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Coles County

Todd Easton

Todd Easton raises corn, soybeans, and wheat on his farm near Charleston.


It’s been a hot week here in Coles County. The crop is definitely in defensive mode rolling up leaves and rooting down. We got anywhere from 1 to 2 inches of rain, depending on what corner of the section your gauge was in Wednesday night and Thursday morning. The heat came back and leaves were rolled up again by Thursday afternoon. The earliest corn and narrow-row soybean fields have closed their rows, and sprayers are out completing post-applications. Be careful in this heat.


Talk about a sudden flip-flop. In what seemed like an instant, we went from cool and wet to hot and dry. The warmth is welcomed by both crops, and the dry isn’t a factor yet. Every hay baler in the county also enjoyed the week’s weather. Cornfields have been moving up into the V4 to V6 stages and really looking good in most parts of the field. That’s in the good news fields. Looking at tougher soil farms and/or later-planted farms, let’s just say I’m not sending in pictures. Soybean fields are in VE to V2 range, and generally seem to be still in recovery mode from the earlier weather patterns. My wheat (which may be the only wheat in Coles County) is turning quickly and looking good. Of course, that means it will yield. I’ll know when it crosses the scale.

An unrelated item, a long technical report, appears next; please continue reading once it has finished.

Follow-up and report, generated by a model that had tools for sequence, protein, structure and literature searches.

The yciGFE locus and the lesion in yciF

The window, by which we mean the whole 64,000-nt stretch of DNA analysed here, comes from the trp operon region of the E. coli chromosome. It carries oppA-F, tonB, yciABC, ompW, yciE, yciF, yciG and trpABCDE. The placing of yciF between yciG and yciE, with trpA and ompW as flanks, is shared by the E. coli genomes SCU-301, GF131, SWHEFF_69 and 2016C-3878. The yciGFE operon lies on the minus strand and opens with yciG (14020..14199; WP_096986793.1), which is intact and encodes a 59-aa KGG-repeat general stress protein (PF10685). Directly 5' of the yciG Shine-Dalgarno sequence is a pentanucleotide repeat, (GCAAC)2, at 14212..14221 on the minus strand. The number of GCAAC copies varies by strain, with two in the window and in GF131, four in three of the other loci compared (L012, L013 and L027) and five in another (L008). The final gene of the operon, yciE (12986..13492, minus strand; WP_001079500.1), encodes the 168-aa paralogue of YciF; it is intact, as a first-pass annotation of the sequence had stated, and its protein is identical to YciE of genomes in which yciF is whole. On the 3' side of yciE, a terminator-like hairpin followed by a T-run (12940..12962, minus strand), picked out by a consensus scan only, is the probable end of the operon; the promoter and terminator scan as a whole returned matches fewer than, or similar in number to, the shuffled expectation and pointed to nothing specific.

Some fields dried out enough Saturday (May 28) that tractors could stay on top of the ground (mostly), and away they all went thinking we had a day before another rainout came in. It didn’t rain, so we kept going and going and going. At this point, planting is either completed or same as. Both crops are in a wide range of stages -- too often this happens in the same field. Corn ranges from VE to V4 stages, and soybeans are just planted to V1. Now it’s on to the crop care season. And after the last month, the crops can use all the care we can give them.


Well, it was fun while it lasted, but we’re back in the shed again. A few short hours after I typed last week’s report, rain came into the area. A few tenths early Friday (May 19) and 1.5 inches Saturday (May 20) wet things up again. With a couple tenths Tuesday, everyone was sidelined. Clouds and cool temperatures have also slowed growth and development of what is planted, making for one of the most unproductive Mays I can remember. A quick look in the iPad shows just four days of planting progress up to this point for the month, and the forecast is making it look like that could be the extent of it.